More than 10 years after the controversial publication of images of the Prophet Mohammed, and a year after attacks on cartoonist Lars Vilks and a synagogue shook Copenhagen, Danish attitudes to the city’s 300,000 strong Muslim community have changed. We visit youth associations and cultural centres to discuss integration and the fight against radicalisation in a climate of Islamophobia.
“When the cartoons of Mohammed were published, we noticed a change in the way the Muslim community was viewed by the media and political classes. We’re living in a less tolerant climate due to terrorism, and for some people this climate has become hostile. Some people believe that we’ve even gone backwards by 10 or 20 years in terms of integration.” These are the words of Waseem Rana, one of the directors of Munida – a Muslim youth organisation that promotes the integration of Muslim identity in day-to-day Danish society.
We went to Nørrebro, north of Copenhagen, to explore the old workers’ district. Here, industrial architecture stands side by side with evidence of multiculturalism and gentrification: Middle Eastern shops, modern pubs, skate parks, street art and small design workshops. It’s no coincidence that here you can also find prayer halls and Muslim cultural centres.
Inside Wakf Mosque
Everything’s ready for evening prayers. Waseem is waiting along with other young men at the entrance to Wakf Mosque at the Islamic Society in Denmark. The prayer hall is built inside two large warehouses and hosts around 100 worshippers of all ages. “Munida was set up in the early 2000s by Ahmad Abu Laban,” Waseem (38) tells me. Waseem was born and raised in Copenhagen by his Pakistani parents.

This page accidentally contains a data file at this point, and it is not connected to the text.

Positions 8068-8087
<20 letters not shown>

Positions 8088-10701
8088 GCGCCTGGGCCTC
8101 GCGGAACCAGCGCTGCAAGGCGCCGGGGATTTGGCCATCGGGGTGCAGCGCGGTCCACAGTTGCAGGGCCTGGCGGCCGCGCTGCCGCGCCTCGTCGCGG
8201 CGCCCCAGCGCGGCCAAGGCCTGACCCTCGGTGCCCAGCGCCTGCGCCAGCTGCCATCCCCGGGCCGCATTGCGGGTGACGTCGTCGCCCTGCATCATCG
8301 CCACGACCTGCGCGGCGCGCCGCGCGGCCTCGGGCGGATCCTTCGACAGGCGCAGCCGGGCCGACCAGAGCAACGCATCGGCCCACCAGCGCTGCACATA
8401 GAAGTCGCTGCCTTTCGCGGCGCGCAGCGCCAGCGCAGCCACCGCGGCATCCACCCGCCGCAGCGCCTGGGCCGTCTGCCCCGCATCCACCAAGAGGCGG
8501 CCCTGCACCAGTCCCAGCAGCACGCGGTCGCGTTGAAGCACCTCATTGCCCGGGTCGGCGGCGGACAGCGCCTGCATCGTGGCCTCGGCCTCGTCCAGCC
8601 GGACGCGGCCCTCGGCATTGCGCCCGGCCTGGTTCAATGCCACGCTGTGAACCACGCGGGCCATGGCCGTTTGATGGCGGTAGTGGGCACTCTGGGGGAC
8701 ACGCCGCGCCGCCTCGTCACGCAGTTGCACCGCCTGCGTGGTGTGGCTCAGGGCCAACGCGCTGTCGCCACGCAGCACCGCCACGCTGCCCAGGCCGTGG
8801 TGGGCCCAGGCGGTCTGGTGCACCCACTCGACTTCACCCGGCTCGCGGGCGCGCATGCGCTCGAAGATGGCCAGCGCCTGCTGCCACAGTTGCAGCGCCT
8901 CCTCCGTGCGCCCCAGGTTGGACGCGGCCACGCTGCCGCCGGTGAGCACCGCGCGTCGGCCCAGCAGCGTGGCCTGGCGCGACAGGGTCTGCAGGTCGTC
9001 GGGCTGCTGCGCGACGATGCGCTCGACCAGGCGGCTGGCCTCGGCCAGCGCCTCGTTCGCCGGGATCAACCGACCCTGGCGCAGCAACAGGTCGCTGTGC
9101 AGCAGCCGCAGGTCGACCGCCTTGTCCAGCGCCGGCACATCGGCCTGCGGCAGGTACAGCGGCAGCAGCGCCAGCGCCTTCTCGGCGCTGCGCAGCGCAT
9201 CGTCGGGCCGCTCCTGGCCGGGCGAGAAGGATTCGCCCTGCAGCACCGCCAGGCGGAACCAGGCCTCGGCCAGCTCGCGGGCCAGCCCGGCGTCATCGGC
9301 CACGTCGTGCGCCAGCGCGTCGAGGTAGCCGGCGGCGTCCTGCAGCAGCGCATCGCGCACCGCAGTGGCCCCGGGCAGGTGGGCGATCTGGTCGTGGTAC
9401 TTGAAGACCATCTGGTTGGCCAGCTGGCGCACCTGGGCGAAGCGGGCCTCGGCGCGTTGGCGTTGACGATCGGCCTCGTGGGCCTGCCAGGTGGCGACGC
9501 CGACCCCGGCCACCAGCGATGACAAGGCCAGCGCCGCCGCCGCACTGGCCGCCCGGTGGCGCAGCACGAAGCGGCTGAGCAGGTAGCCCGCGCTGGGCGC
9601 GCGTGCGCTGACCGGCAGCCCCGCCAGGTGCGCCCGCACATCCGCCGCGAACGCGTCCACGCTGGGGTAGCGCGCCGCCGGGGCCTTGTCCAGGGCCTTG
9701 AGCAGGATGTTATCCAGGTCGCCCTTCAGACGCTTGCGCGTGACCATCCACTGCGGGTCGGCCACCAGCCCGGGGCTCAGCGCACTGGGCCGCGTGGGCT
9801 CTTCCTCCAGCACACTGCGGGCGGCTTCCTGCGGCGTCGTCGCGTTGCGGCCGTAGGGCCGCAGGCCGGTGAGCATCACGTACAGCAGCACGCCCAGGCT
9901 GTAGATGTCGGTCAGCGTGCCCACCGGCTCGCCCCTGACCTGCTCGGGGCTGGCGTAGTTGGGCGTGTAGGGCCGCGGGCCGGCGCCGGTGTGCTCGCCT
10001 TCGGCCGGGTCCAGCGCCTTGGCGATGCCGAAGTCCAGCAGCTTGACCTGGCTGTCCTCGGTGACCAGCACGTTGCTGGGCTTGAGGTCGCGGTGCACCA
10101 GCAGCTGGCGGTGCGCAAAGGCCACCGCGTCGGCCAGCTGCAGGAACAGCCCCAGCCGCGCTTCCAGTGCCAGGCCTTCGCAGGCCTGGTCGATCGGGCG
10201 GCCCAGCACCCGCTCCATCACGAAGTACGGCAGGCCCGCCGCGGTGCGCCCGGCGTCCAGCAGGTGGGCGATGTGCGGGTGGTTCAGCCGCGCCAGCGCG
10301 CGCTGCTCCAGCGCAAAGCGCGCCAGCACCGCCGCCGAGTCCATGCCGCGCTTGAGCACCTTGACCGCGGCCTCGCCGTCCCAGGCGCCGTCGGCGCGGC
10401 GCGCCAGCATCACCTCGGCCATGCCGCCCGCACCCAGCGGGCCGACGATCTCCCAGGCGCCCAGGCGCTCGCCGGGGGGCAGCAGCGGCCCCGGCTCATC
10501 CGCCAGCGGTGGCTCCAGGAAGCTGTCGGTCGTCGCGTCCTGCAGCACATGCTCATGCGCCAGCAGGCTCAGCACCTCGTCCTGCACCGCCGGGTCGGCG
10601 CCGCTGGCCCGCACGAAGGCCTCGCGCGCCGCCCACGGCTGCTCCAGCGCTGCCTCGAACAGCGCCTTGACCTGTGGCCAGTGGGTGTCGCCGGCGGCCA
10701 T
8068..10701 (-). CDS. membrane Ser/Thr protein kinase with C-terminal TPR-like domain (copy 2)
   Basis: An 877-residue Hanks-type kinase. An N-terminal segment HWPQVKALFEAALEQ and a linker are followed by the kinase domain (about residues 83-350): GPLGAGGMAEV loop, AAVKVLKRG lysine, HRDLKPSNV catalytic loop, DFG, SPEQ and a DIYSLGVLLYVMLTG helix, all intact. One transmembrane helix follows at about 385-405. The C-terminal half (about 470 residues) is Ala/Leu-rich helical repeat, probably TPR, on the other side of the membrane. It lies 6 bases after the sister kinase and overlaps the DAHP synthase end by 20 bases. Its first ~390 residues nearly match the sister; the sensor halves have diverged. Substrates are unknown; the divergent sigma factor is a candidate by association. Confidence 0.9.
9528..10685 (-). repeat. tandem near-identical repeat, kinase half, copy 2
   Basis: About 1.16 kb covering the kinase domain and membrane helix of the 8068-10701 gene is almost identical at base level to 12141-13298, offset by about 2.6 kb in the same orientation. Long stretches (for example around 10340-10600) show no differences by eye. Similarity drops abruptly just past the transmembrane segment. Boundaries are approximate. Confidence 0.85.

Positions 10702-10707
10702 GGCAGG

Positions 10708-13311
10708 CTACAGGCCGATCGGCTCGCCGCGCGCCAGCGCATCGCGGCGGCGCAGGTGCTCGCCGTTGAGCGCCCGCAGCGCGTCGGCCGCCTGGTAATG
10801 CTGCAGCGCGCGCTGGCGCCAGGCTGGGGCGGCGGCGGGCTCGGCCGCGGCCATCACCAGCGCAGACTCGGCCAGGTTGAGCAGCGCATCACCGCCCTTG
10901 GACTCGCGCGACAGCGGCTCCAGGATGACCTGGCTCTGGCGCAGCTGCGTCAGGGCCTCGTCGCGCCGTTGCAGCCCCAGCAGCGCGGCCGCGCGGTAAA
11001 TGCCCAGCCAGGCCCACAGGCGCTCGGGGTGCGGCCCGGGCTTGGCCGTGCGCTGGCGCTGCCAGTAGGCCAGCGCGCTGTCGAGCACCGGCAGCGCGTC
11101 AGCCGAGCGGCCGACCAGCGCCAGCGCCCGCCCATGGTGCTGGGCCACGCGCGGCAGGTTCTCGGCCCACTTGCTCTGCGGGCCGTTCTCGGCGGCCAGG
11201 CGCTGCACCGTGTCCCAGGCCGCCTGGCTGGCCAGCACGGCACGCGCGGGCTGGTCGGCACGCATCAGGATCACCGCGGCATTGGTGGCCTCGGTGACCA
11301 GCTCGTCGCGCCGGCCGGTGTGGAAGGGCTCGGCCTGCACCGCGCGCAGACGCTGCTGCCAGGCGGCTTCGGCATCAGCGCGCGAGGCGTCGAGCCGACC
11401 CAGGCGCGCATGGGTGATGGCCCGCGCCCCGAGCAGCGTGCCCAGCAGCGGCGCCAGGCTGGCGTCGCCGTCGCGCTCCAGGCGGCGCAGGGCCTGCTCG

Later disappearing in 2007, Laban was a central figure in the controversy surrounding the publication of cartoons of the Prophet Mohammed in 2005 by the Danish daily newspaper Jyllands-Posten. He not only took part in the Middle Eastern delegations, but was also partly responsible for the “Akkari-Laban dossier” alongside Ahmed Akkari, which denounced the climate of Islamophobia within Danish society and was accompanied by a rise in protests and violence in the area.
“Laban wanted a youth section, so a group of 4 or 5 young people was formed on the side. Today there are 500 of us – 60% of which are women. We’ve members from around 40 nationalities and our activities cover all social aspects relevant to Danish youth.”
This includes not only social and recreational activities but also educational initiatives. “We’re trying to help young Muslims to develop their identity within Danish society. If they have firm faith and are confident about their identity, they’ll become better citizens,” he adds.
Prayers start and we receive a warm welcome with only a few wary glances. “Unfortunately, for the last three weeks we’ve been living in a climate of suspicion due to a story on a Danish hidden camera show,” Waseem explains. This was an interview on the public channel TV2 with an imam from Grimhøj mosque in Aarhus – an imam in support of stoning women for adultery and the right to kill apostates.